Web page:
So, the fact that Biden represents, in many ways, the polar opposite of Trump is definitively encouraging for Alibaba stock. Still, I wouldn’t get too overconfident. Here’s why.
Trump Can Put Up a Fuss
As you know, this election has been perdition for the American people — and the world.
According to another discussion I had with Kass, the current situation with Trump contesting the vote counting process is “unprecedented.” That in itself puts Alibaba stock in investment limbo.
Further, some of the allegations of voting irregularities could stick. I would know because my InvestorPlace article on BP (NYSE:BP) represents a time capsule of my perspective on election night. Here’s what I stated:
“Of course, this being 2020, the results couldn’t be tabulated on election night. From where I stand, it seems that President Trump will probably win again, despite the abysmal odds. And the Democrats really have to take responsibility for their own incompetence.”
Now, I get the argument that we saw record volumes of mail-in ballots this year. I also don’t pretend to be an expert on how individual states count their votes. Many states, like Pennsylvania, have distinct rules to their counting processes.
But it just seems odd. Throughout election night, I was chatting with an InvestorPlace colleague — he said that if Biden flipped Ohio, it would be game over for Trump. But it wasn’t that way at all. Trump kept Ohio and Biden didn’t flip anything of great value until some media outlets declared him the winner in Arizona.
Still, when I went to bed, I felt confident that Trump had won. Even in my dumb social media post, I forecasted that Trump would win with 275 electoral college votes. Essentially, Trump is naturally a more proven and talented leader than Biden. He just made some fatal mistakes.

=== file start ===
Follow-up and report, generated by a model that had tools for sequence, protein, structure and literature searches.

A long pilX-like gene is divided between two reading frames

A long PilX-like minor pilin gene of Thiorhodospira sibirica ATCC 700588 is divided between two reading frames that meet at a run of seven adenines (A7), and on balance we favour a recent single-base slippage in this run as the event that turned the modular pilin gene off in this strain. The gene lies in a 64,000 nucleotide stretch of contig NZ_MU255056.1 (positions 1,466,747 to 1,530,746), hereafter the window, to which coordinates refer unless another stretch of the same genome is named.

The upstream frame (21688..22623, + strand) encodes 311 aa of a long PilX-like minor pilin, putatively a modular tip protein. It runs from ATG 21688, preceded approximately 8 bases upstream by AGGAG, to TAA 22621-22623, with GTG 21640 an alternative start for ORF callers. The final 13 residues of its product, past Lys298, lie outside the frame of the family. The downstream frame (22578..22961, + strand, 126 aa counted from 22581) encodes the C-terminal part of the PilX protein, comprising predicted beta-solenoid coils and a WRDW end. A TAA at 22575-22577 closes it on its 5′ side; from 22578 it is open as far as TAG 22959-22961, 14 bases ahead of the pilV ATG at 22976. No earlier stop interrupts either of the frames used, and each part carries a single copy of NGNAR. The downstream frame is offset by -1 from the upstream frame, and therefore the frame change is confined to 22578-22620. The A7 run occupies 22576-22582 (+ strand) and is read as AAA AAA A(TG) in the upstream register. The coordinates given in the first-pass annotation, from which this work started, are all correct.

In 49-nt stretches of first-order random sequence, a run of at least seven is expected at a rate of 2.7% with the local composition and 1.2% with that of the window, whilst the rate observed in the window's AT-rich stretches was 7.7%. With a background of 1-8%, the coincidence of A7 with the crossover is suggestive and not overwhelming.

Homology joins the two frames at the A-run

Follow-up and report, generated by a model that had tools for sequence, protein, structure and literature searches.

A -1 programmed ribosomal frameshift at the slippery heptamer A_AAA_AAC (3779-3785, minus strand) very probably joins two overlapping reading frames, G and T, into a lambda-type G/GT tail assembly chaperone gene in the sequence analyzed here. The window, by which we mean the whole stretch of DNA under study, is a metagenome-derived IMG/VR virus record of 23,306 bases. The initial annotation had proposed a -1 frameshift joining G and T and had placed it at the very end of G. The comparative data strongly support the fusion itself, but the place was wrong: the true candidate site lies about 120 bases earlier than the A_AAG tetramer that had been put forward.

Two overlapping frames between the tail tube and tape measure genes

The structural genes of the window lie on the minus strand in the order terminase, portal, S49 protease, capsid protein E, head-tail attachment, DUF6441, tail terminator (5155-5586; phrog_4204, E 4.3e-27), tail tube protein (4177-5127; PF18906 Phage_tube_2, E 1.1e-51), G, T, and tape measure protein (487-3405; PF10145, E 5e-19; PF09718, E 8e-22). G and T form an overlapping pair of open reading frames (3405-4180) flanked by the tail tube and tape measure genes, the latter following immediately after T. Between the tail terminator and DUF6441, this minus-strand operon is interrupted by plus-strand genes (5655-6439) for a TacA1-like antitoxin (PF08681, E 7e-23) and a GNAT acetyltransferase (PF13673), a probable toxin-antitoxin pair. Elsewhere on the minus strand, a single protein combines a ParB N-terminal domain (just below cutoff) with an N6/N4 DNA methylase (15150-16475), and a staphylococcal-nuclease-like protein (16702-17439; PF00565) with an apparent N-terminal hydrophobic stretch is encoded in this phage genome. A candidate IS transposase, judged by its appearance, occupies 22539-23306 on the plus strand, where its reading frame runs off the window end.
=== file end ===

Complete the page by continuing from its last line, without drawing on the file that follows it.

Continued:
When I woke up, though, Biden had put Trump in an electoral rear-naked chokehold. Huh?
Uncertain Road Ahead
I mention this not to propose a conspiratorial perspective. Rather, it’s clear that millions of Americans don’t trust the government nor the free press (a mission usually reserved for Russian disinformation campaigns).
So, if Biden ultimately wins the election, he can’t afford to let China have its way. Sure, a likely Republican-controlled Senate will create headwinds for Biden. However, if the Democrats want to keep power beyond 2020, they can’t afford to alienate so many Americans.
With all that in mind, there’s a chance it might be business as usual when it comes how Biden deals with China. And that may not be so great for Alibaba stock.
My idea for investors? Wait out BABA for a bit, until we get some clarity in governance.
On the date of publication, Josh Enomoto did not have (either directly or indirectly) any positions in the securities mentioned in this article.
A former senior business analyst for Sony Electronics, Josh Enomoto has helped broker major contracts with Fortune Global 500 companies. Over the past several years, he has delivered unique, critical insights for the investment markets, as well as various other industries including legal, construction management, and healthcare.